What is it?
Smishing is becoming a common form of social engineering seen at the University. Smishing texts will typically contain a statement that something is going to happen to your account if you don't act now, which usually involves clicking on a link to a page where you are requested to provide your username and password and sometimes more. Smishing is using text messaging or social skills (social networking) to trick you into providing personal/financial information, most commonly passwords and credit card numbers, to gain access to your accounts and steal more data or money. By using fraudulent websites and false texts, perpetrators attempt to steal as much information as you are willing to give them. Attackers will try to fool you into clicking on a malicious link. Be very suspicious of any text message that has bad spelling or grammar, has a sense of urgency, or requests personal information. Smishing texts are a weapon to harm your system, your organization, and steal personal information to harm you. Protect yourself by learning to to recognize a smishing texts.
If you think you have received an text that you think is a “smish”, the tips below can keep you from taking the bait and getting hooked.
Receiving the Text Message
- Know the online companies you deal with. When a suspicious text arrives on your mobile device - THINK: it could be fraud, it's definitely spam, and it's not for you. Use the options to mark as Smishing, Phishing or Spam.
- Never respond to the text message or click any links, as it might direct you to a fraudulent website. For example, if you receive a suspicious text claiming to be from your bank, call your bank directly for clarification. Never click the link to that website in a text because it may look exactly like the real website but it could be fake. Go to your bank's website directly using your browser.
- Learn to identify suspicious texts. Hackers will duplicate the image of a real company; they can copy the names of a company or an actual employee name; they include sites that are visually similar to a real business, and they promote gifts or the loss of an existing account.
- The text message is poorly written. Look for grammatical mistakes not just spelling errors.
- Smishing texts come in many forms, but the one thing they all have in common is that they contain a payload. Suspicious links and attachments are a clear indication of a phishing message. If the destination address doesn't match the context it is suspicious link.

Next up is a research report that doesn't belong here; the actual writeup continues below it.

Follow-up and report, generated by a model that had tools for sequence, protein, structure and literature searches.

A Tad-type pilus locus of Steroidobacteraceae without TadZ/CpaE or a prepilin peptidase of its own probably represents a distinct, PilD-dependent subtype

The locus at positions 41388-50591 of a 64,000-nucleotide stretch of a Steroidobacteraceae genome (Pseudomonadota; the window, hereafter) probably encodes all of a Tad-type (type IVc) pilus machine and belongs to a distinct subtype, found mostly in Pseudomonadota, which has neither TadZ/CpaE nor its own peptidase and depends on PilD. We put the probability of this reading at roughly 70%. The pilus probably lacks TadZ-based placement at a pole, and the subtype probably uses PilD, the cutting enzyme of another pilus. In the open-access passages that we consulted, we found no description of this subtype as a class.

- Unfortunately, many legitamate and scam emails hide their destination address in a button, so it's not obvious wher the link goe to. Do not click buttons. On a computer, you can hover your mouse over the link without clicking and the destination address will appear in a small bar along the bottom of the browser window, usually in the bottom left side. On a mobile device, hold down on the link and a pop-up will appear containing the link without launching the link. Just don't tap it.
- The message creates a sense of urgency. Act now or something will happen. Hackers prey on human nature to respond. Reread the message and don't panic. Call your boss or coworkers to validate urgency.
Reviewing the Text Message
- Understand how the companies you deal with want to interact with you.
- Practice safe browsing.
- Be sure to thoroughly read emails that say they are from companies you know.
- Hover over email addresses and the links with your mouse cursor and verify them.
- Never enter your personal or credit information into a form in an email.
- Most "phishing" emails are not personalized.
- If it seems too good to be true, it probably is;
- Hover your cursor over links in messages to find where the link is actually going; Do not click the link
- Look for misspellings and poor grammar, which can be good signs a message is a fraud;
- And, never respond to an email requesting sensitive personal information (birthday, Social Security Number, username/password, etc.).
- Enhance the Security of Your Computer - Use and maintain your email protection software for spam blocking, fraud blocking, and anti-virus.
- Enter Your Sensitive Data in Secure Websites Only (HTTPS:)
- Periodically Check Your Accounts- Read your bank statements - every one, every month to ensure your charges and debits are correct. Stay vigilant and report any suspicious activity immediately.
- Have the Slightest Doubt, Do Not Risk It
- Get informed and stay informed about the evolution of current Malware - Here are some links that can help you learn what is out there:
- Purchase Identity Insurance - just like having home insurance, you can purchase identity insurance
- Additional Information:
What if you responded?
If you entered your WSU account or personal information as the result of a smishing text, take action quickly.
- Work Message event:
- Change your password immediately!
- Take additional training to get better educated on how to spot a smishing text.
- Personal Message event:
- If you entered credit card or bank account numbers, contact your financial institution. Change your passwords
- If you think you may be the victim of identity theft, contact your local police.